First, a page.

He says in his Journal, "Alone in the wilderness! Shall I go on or shall I turn back?" He determined, by the grace of God, to push on, trusting in the Lord for protection and support. He says, "Sometimes a house in ten miles, and sometimes not that," but he pushed on, for the glory of God and the good of men. He reached the borders of this State about the first of August, and on August 3, 1755 he preached his first sermon in North Carolina at the home of Solomon Debow on the "Haw River."
Mr. McAden says he crossed the Dan River five miles above the home of Capt. Moore in Halifax Co., Va. Therefore, if this the true, and since the home of Mr. Debow was in N.C., that house must have been on the northern edge of Person Co., not far from the point where the Hico River crosses the State line, and not far from the railroad station called Alton, Va. On Aug 6th, he left the home of Mr. Debow, and he says, "I rode ten miles to the Chapel on South Hico, where I preached to a number of Church people and some Presbyterians. After the sermon they seemed exceedingly pleased, and returned abundance of thanks for my sermon, and honestly entreated me by all means to call upon them as I came back and showed a very great desire that all our Ministers should call upon them as they travel back and forward."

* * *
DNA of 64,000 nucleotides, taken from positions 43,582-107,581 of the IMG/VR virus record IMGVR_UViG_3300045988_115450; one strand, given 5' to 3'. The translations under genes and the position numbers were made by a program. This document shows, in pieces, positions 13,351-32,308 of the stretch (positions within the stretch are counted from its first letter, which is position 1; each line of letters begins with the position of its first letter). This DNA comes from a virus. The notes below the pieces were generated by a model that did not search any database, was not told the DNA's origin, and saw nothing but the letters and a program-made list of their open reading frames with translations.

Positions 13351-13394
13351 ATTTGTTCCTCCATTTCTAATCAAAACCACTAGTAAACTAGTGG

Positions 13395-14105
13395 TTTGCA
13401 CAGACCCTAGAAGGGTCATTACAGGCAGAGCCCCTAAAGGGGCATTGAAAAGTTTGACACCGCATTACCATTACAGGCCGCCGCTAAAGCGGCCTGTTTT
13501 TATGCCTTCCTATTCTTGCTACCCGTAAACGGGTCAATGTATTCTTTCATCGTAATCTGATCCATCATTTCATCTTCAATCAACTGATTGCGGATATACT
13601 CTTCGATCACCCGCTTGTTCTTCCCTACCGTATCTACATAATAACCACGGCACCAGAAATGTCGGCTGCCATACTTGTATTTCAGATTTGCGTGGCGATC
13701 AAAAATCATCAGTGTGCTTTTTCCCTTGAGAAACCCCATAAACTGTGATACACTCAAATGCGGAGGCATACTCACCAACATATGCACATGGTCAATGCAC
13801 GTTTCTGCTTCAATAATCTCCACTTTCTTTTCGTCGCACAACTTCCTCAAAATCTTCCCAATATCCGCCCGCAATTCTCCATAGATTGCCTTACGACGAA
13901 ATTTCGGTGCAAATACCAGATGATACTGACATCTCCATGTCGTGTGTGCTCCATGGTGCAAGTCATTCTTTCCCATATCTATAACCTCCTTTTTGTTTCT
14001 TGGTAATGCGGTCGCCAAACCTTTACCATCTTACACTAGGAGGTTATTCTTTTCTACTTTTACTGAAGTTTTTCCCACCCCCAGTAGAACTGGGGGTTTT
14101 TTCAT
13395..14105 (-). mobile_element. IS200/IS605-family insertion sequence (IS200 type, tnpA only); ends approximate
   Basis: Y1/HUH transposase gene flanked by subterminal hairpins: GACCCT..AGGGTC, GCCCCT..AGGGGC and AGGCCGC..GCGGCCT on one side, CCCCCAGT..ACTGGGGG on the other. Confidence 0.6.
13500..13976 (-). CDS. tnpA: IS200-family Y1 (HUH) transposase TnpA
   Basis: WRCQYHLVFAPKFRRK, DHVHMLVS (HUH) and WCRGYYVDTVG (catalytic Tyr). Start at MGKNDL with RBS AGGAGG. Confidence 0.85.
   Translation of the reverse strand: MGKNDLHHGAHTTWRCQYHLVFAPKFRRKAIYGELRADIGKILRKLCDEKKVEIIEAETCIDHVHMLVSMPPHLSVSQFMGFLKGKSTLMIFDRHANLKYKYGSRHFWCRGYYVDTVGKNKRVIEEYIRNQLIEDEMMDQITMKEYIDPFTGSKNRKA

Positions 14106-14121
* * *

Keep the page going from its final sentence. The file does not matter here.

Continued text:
Now then, it is a matter of great interest to us to know just where this "the Chapel on South Hico" was located. The Hico River, proper, is formed by the junction of two streams, one of which is called "Hico Creek," flows in a northeasterly direction through the eastern side of Caswell County, and the other stream flows in a northern direction through the western side of Person County, and the two streams form a junction in the northwestern part of Person County making the "Hico River," and this junction of the two streams is about four or five miles directly east of Semora, N.C., which is the Post Office of the Red House Church. The "Hico Creek," from this junction in Person County up to its beginnings in Caswell County, was evidently called "South Hico," and along this stream, more than a hundred years ago, there were three Presbyterian Churches.